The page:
War Against Drugs
6 years ago today, I lost my childhood best friend to a heroin overdose. He was the funniest, most caring person, he always treated everyone around him with love. He loved music, the outdoors, and his dog Bruce. We had such a blast together growing up, especially during the summers. He was more of a rebel than me, always causing mischief. I was more of a girl-next-door type, so we were quite opposite of each other but we got along very well (for the most part, lol). I still to this day have his phone number memorized…
I’ll never forgot the day I found out Johnny was gone. I hadn’t spoken to him in about a year because his exgirlfriend had forbid him to see me and we sort of lost touch after that. The funny thing is, I drove by his house a couple of days before and thought to myself that I needed to go see him. In hindsight, I wish I had just stopped by right then and there, because at least I would have gotten to see him one last time.
When I first found out, initially I was in shock and denial, I couldn’t express any emotion and I didn’t believe he was gone. Then my mother and I went to his house and as soon as I saw his sister Allie, it hit me and I broke down in tears. I couldn’t help but feel guilty that I had lost touch with him, because maybe I could have stopped him, maybe I could have done someone about it and saved him. But, one thing I have learned since then is this- a person has to want help and change for themselves. No matter how hard you try, or what you do to help them, it will be useless unless the person actually wants it. And when they want help and change, they will reach for it. Then and only then can anything be done about it.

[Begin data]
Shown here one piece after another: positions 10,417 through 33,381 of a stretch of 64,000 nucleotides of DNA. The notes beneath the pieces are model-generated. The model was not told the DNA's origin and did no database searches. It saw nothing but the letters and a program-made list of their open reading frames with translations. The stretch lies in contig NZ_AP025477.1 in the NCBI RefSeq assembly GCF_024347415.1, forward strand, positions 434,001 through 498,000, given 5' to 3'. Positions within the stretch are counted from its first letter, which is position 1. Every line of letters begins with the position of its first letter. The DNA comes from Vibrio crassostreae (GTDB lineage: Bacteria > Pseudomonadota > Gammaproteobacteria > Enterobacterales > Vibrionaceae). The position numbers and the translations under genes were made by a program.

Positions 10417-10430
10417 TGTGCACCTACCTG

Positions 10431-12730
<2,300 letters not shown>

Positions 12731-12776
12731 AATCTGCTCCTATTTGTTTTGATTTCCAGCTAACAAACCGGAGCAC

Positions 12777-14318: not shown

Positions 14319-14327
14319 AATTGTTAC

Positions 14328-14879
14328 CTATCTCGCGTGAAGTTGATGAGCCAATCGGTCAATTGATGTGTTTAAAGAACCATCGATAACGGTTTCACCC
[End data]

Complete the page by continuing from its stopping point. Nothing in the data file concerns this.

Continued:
I sang “Amazing Grace” for Johnny at his funeral. It was probably the most emotional performance of my entire life. Later we went back to his parents’ house and I met all of Johnny’s friends. They knew all about me and told me that Johnny talked about me all the time, which made me happy to hear but at the same time broke my heart.
A woman saw me sing at Johnny’s funeral and hired me to sing at monthly candle light vigils at her church in remembrance of all the kids from the south shore who we lost to heroin overdose. The Patriot Ledger newspaper came to one of these and did a whole news series on the heroin epidemic, including a slideshow on their website featuring a live recording of me singing. Another woman saw this slideshow and hired me to sing at a large political forum on the war against drugs held at Bridgewater State College. Since then, I have also done volunteer work for “The Truth About Drugs” campaign. Also, I personally contacted the superintendent of Abington Public Schools (my hometown) and got the “Truth About Drugs” anti drug program added to the health curriculum at Abington High School.
I wrote a song, which will be on my new EP due to drop early 2013, featuring a verse about Johnny. It’s called “The Butterly Song.”
This past year I had a very close family member become addicted to heroin. For obvious reasons, this made me extremely upset. But what broke my heart even more is that this person is a grown adult who clearly knows better and is so selfish to not care how they are hurting everyone around them who love them. Meanwhile, they are getting high and can’t feel a thing while we are all suffering having to deal with this. And what happens if they overdose? The people who love them will be left here devastated. And, I repeat, this person is a grown adult who clearly knew better… Don’t get me wrong, I still love this person very much and they will always have the opportunity to turn it all around, but it has to come from them.
So, the moral of my story is: don’t do drugs. You will destroy not only your life, but the lives of those around you who love you.
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Melissa Jane xoxo